🔗 Call for Participants
We are looking to recruit at least eight early-career participants (including undergraduate students) for a ten-week, funded, full-time, fully-remote software development workshop during the summer of 2021.
The goal of the workshop is four-fold:
- to catalyze effective science communication and science pedagogy by helping participants develop the know-how to showcase their research through interactive web applications,
- to jumpstart software development on web framework and core digital evolution tools in support of the next version of the Avida-ED scientific and educational software, and
- to produce software that broadly enriches the digital evolution, scientific, education, and open-source communities.
This workshop is organized in conjunction with the Avida-ED project. Avida-ED extends the full-fledged Avida software, originally developed for digital evolution research, as a freely-available, interactive web application. This web application enables laboratory activities that teach evolution through experiments with self-replicating computer programs. A curriculum of lesson plans and classroom materials, targeted to high school and university students, supports instructors. Outreach and training puts these tools into hundreds of real-world classrooms. From there, the team has used evidence-based methods to evaluate activities’ effectiveness in terms of actualized learning outcomes.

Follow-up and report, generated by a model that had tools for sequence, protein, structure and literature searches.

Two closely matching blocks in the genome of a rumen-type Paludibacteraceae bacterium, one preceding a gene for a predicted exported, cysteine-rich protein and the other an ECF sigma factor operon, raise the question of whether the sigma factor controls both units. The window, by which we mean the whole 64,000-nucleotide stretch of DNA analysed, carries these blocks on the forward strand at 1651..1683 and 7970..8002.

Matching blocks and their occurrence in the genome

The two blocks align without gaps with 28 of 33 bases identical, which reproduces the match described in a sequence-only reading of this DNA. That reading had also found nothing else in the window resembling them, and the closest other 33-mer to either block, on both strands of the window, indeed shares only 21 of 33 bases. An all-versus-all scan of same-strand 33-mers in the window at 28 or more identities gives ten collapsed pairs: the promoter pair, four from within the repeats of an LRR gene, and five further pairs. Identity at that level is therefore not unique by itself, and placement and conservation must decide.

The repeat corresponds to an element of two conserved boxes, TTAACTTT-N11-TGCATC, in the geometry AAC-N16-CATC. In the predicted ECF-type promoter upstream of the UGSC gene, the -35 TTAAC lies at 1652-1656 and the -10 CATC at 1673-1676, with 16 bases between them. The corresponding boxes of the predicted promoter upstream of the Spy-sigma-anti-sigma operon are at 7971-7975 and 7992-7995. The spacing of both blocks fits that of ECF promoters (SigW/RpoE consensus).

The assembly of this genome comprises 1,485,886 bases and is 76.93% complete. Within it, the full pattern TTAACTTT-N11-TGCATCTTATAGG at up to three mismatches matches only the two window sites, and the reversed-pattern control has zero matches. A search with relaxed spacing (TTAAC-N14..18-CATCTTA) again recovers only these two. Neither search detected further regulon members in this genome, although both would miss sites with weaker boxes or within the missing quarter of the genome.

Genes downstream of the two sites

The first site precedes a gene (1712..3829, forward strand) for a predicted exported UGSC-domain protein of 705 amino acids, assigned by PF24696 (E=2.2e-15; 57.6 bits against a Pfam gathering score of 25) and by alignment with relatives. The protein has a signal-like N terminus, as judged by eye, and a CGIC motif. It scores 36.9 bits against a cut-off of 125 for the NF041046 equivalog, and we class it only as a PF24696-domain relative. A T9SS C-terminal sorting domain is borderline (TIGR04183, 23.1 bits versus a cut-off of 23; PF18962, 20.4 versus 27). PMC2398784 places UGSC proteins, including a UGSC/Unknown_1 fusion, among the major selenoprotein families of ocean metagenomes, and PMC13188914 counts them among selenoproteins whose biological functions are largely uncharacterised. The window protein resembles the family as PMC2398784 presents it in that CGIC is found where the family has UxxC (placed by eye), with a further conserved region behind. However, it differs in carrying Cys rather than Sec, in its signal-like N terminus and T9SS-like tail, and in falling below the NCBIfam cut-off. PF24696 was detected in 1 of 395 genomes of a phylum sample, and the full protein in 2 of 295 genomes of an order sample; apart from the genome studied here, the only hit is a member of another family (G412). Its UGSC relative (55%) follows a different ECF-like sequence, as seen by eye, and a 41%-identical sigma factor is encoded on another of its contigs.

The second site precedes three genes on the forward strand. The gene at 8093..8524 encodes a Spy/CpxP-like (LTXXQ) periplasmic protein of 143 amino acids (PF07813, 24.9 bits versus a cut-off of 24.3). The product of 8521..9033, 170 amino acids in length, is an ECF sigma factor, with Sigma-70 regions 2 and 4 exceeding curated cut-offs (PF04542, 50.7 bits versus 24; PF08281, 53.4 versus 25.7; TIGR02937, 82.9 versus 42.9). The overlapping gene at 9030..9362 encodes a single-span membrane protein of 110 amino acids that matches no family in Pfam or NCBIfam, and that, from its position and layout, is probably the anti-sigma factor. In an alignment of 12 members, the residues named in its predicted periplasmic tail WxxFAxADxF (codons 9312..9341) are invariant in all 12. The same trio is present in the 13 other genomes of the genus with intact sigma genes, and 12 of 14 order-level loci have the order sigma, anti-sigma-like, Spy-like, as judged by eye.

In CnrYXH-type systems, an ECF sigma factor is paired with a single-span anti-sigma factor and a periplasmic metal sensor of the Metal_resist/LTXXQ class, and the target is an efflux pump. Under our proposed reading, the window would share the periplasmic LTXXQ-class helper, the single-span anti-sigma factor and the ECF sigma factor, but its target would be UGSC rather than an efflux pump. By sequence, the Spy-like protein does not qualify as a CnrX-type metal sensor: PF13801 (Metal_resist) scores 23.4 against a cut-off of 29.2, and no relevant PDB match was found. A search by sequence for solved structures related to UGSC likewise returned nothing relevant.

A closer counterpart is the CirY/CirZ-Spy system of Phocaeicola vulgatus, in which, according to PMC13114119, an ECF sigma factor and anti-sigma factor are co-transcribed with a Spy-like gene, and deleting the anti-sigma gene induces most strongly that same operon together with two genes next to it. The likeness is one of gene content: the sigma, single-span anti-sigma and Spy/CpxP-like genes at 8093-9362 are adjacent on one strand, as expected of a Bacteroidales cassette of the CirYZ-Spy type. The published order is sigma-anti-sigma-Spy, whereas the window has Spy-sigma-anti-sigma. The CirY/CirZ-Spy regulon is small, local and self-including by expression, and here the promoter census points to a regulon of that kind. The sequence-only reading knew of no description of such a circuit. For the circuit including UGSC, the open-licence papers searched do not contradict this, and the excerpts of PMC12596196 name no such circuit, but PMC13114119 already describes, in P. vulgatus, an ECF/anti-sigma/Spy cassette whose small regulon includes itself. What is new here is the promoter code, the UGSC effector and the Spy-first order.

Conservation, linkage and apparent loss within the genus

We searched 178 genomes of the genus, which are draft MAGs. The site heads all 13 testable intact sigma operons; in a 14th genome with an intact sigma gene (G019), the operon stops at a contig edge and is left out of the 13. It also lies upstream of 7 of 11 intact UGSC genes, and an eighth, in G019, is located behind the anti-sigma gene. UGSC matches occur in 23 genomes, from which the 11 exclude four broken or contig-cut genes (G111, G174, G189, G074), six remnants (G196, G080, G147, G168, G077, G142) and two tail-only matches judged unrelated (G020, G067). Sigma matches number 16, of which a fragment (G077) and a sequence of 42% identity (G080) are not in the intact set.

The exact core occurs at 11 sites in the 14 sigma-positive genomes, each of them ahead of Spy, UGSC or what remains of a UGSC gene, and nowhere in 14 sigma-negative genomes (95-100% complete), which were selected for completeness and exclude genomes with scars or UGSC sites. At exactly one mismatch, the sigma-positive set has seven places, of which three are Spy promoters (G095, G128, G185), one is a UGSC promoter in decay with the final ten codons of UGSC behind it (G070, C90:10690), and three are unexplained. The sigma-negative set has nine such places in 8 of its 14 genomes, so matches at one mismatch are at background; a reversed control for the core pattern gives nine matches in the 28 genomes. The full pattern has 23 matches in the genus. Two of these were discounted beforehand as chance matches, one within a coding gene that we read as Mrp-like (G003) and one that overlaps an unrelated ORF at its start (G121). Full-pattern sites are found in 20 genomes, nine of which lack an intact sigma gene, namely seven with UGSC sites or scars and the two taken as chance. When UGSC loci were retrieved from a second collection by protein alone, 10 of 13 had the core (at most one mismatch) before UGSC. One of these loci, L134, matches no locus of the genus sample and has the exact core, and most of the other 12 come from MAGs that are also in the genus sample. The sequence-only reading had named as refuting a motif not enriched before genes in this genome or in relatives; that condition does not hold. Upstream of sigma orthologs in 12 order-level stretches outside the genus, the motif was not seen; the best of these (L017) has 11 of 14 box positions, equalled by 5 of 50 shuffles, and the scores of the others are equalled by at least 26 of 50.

Each WAVES workshop participant will collaborate with an assigned mentor on a software development project related to Avida-ED or the underlying scientific software tools that power it. We will help participants choose projects based on their personal interests and background during the first week of the workshop. We describe several possible project categories below. Participants’ projects will directly contribute open-source software to the foundation of future versions of Avida and Avida-ED. To demonstrate their software, participants will build their own prototype scientific web application/mini research project or contribute to an existing web application/research project. As a culmination of their workshop experience and an exercise in professional communication, participants will publish a blog post describing how their software works and how to use it. Check out last year’s project write-ups here!
During the workshop, participants will also engage in a weekly software discussion group and a weekly group check-in meeting.
The virtual workshop will take place between June 14, 2021 and August 20, 2021. If these dates don’t work for you, we may be able to shift this schedule by a week or two for individual participants. Let us know in your application and we will do our best to accommodate you. Participants will be expected to commit to full-time (approximately 40 hours/week) engagement with the workshop. To accommodate multiple U.S. time zones, all group meetings will be held over videoconference sometime between noon and 5pm EST (GMT-4). A $6,000 stipend will be disbursed to participants in five bi-weekly installments of $1,200.